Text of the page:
Like the Floodwater Commission’s other task forces, the NSTF is composed of the best-of-the-best in terms of experienced individuals serving. The NSTF includes emergency management representatives from all of the military bases along with representatives from civilian emergency management.  For example, Director Kim Stenson, who leads the S.C. Emergency Management Division, serves on the Task Force along with the S.C. National Guard adjutant general as well as key partners like the Army Corps of Engineers.

Fellow commissioners like retired Marine Col. Steve Vitali, a wartime logistics and strategic-deployment planning expert, and W. Thomas Smith Jr., also a U.S. Marine Infantry leader and an internationally recognized military technical consultant, are two of my subcommittee’s key executive staff-members. Vitali serves as operations officer. Smith is the task force’s executive secretary. Beyond these two are approximately 30 disaster response experts – including extra-agency liaisons – from federal installation commanders (or their representatives) to state emergency managers like Stenson, military engineers and others.

We also work closely with other task force chairs, like, for example, Charleston Mayor John Tecklenburg, who is in charge of all project stakeholders, statewide. And we have involved representatives from Federal Emergency Management from U.S. Northern Command and the base commands in an advisory or liaison capacity.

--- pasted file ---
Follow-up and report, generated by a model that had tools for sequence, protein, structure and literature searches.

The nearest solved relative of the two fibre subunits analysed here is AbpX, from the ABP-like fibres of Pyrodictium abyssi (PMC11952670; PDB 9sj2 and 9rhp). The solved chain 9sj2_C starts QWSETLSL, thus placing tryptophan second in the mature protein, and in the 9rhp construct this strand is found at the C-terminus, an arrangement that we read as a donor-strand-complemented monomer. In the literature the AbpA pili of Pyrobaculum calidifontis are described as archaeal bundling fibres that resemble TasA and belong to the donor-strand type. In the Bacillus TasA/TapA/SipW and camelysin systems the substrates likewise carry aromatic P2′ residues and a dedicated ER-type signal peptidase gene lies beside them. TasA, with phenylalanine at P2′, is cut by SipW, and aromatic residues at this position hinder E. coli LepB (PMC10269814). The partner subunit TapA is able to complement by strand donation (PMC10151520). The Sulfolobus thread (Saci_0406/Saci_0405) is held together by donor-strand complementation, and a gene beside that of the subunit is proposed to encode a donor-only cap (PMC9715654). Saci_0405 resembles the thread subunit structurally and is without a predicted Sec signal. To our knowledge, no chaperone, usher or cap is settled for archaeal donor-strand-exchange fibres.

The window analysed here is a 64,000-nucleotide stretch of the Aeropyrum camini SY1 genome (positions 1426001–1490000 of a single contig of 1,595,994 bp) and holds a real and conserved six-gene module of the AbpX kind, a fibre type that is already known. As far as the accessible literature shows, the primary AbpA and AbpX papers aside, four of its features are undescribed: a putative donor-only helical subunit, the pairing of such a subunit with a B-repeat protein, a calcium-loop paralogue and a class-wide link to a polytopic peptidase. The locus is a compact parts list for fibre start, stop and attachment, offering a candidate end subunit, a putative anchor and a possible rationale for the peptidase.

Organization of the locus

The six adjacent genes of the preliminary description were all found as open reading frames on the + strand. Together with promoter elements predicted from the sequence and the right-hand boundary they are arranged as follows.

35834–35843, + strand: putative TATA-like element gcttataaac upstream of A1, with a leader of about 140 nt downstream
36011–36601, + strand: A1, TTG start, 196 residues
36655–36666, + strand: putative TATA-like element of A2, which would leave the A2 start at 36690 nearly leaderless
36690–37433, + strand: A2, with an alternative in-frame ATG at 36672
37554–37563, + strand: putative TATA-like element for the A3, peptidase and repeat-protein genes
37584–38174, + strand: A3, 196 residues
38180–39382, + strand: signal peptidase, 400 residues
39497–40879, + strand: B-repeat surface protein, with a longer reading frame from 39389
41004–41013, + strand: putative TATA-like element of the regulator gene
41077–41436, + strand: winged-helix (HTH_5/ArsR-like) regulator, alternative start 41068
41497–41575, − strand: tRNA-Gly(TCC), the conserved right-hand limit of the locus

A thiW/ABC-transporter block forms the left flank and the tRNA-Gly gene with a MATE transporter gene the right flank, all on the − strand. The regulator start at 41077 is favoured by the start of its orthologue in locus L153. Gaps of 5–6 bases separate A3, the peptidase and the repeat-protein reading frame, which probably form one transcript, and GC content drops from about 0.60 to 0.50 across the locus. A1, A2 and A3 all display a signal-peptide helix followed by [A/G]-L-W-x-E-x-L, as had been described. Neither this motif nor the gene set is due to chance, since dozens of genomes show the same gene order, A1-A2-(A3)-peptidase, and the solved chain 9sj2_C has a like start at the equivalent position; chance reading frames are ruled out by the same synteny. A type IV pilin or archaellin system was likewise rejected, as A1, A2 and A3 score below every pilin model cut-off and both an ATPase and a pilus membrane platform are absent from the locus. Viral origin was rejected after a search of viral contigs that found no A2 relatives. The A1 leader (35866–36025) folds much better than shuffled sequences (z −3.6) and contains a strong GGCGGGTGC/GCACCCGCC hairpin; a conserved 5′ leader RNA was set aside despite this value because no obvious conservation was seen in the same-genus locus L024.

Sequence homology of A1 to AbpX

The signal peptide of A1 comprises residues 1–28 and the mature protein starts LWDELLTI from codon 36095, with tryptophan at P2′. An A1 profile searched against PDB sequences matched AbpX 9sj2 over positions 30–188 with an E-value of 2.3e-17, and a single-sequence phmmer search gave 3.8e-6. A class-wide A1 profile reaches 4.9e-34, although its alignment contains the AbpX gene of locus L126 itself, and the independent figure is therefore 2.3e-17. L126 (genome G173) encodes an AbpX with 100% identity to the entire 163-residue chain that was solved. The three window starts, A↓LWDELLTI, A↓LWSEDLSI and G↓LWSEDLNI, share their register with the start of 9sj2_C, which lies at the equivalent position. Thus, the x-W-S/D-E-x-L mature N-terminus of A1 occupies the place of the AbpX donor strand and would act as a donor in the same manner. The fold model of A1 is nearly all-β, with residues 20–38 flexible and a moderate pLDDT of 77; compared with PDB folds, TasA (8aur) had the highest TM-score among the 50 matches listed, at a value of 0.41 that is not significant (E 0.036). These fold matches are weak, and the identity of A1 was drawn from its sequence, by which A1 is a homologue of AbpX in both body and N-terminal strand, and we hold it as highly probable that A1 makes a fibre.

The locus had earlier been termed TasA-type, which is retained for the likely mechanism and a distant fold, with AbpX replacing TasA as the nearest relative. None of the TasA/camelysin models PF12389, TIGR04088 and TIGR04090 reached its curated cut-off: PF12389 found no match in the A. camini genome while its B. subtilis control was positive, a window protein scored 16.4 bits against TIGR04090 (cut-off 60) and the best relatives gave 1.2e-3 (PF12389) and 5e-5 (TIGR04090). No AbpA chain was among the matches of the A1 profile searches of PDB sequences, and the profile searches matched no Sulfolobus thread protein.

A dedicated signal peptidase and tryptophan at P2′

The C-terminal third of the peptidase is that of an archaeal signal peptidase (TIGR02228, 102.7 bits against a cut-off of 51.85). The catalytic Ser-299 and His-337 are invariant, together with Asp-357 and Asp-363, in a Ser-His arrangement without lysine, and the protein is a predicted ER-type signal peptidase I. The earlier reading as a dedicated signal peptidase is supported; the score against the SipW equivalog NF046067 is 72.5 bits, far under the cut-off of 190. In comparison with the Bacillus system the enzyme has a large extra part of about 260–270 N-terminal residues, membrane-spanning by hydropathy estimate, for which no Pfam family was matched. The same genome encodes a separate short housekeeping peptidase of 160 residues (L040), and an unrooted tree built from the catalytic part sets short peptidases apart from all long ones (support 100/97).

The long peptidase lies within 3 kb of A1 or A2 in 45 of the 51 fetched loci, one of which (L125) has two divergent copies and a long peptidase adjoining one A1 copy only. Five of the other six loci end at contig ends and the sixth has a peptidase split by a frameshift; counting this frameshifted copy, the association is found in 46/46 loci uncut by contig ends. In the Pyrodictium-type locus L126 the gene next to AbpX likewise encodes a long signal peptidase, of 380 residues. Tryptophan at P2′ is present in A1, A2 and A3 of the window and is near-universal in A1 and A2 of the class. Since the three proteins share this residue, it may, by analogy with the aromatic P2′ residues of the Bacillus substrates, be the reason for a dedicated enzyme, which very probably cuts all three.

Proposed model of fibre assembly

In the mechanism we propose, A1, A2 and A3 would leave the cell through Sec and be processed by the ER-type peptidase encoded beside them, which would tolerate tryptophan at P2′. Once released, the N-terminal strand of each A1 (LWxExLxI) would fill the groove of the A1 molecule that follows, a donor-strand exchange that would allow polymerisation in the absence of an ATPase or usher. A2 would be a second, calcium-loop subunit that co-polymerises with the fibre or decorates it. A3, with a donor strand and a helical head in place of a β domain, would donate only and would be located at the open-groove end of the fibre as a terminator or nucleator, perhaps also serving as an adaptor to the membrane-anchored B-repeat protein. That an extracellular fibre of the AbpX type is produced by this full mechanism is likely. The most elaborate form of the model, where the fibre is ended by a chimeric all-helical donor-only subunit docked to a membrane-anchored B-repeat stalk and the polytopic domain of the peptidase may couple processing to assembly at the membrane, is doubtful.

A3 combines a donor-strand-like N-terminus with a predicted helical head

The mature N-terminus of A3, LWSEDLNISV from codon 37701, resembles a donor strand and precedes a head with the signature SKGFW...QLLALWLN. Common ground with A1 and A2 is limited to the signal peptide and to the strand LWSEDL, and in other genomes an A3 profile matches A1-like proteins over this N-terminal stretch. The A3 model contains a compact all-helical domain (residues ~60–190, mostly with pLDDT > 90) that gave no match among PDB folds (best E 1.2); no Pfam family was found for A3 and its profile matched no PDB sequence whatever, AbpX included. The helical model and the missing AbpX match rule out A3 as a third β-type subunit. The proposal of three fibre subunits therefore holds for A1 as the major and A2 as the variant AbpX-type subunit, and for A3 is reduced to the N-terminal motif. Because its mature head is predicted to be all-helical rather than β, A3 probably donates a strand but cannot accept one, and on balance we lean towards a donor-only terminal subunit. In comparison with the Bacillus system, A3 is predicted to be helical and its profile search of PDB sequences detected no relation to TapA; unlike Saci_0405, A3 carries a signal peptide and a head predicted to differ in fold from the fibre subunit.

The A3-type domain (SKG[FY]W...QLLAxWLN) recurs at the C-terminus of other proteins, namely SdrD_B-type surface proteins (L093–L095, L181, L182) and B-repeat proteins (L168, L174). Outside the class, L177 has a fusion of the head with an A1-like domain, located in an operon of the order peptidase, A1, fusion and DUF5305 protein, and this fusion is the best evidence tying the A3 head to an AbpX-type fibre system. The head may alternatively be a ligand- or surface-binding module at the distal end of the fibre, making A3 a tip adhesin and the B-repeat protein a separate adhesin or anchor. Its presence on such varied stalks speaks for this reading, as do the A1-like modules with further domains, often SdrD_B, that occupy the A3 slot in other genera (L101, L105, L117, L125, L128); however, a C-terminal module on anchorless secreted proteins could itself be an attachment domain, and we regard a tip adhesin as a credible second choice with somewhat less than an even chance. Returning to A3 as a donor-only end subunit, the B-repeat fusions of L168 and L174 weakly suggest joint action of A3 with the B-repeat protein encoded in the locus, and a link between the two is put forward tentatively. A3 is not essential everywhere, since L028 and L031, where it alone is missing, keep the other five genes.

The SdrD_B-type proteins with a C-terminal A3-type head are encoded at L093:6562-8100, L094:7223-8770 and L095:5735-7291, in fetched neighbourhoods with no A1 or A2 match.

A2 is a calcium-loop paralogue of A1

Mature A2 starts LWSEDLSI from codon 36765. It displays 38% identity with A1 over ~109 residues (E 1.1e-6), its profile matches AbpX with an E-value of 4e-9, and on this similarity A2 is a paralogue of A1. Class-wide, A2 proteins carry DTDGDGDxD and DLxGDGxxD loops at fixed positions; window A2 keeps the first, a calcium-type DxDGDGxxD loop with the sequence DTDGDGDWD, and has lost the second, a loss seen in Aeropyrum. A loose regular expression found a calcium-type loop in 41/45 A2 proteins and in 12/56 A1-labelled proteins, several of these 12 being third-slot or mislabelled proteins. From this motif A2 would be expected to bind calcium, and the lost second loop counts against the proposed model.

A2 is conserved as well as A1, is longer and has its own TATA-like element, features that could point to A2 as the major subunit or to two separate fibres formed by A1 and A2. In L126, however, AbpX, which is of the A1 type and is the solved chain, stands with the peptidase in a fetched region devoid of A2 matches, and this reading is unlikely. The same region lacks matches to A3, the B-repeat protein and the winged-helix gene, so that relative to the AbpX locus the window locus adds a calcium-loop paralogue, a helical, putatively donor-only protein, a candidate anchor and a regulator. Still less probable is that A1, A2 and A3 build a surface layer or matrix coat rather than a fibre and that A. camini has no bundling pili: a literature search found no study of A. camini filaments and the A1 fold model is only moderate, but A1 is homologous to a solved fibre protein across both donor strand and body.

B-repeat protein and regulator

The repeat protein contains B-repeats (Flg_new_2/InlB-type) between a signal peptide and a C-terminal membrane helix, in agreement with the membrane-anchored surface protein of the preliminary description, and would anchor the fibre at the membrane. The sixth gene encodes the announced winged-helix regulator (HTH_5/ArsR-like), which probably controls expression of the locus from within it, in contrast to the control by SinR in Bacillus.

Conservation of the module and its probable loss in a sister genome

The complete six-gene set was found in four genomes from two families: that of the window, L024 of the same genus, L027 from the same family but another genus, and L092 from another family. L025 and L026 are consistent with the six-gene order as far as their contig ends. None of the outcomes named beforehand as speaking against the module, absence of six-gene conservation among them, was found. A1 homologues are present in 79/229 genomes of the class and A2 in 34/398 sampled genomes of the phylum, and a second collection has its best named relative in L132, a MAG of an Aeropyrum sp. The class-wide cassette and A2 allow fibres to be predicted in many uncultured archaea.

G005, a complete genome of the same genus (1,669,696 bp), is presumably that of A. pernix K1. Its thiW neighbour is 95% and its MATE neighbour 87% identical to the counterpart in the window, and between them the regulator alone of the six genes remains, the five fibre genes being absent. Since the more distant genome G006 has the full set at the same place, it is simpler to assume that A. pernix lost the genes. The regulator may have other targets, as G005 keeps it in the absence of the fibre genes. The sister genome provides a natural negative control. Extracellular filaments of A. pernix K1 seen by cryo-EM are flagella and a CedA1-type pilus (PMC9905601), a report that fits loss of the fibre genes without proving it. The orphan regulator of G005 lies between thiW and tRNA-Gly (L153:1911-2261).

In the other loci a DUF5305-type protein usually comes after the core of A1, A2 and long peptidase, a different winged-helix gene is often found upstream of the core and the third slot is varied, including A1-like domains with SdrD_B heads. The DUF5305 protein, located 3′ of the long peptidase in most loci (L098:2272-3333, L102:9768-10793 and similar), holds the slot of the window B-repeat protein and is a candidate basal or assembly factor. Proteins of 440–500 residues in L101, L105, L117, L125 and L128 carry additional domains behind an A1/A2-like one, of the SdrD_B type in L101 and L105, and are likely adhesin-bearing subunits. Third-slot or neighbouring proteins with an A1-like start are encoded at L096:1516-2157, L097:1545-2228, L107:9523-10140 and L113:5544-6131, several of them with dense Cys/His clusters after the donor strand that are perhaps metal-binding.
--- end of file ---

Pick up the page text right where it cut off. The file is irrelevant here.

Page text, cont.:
As disparate as this all may seem, it is all a single-team effort with the single-minded motivation and universal focus of protecting property, saving lives, and otherwise mitigating human suffering in the next floodwater event.

As mentioned, the NSTF’s primary focuses are our military bases. But it’s not simply the health, safety, and security of those bases and their personnel during flood events. Federal military bases help provide immediate response capabilities, which are unique to the military, in order to save lives and mitigate human suffering or property damage. Military bases are also used to bring in FEMA support and other military support requested to help the state. These military bases are not simply ‘islands’ unto themselves, but an integral part of the Palmetto State. The estimated economic impact of the military to S.C. is $24.1-billion. And with some 62,520 federal military employees (with an annual payroll of $2.6-billion) and approximately $2.1-billion in DoD contracts currently handled by 752 S.C. firms, South Carolina truly is a military state.

The relationships between the military bases and the surrounding civilian communities has never been stronger. This is a reality I have, yet again, experienced in my short time thus far directing the NSTF and serving on the broader S.C. Floodwater Commission. We are working. We are preparing. And we will ensure that we have done everything possible for our fellow South Carolinians, military and civilian alike, to better enable us to weather the next storm.

Col. Bill Connor, an Orangeburg-based attorney and U.S. Army Reserve Infantry officer, is chairman of the National Security Task Force, South Carolina Floodwater Commission.

Author: UTB staff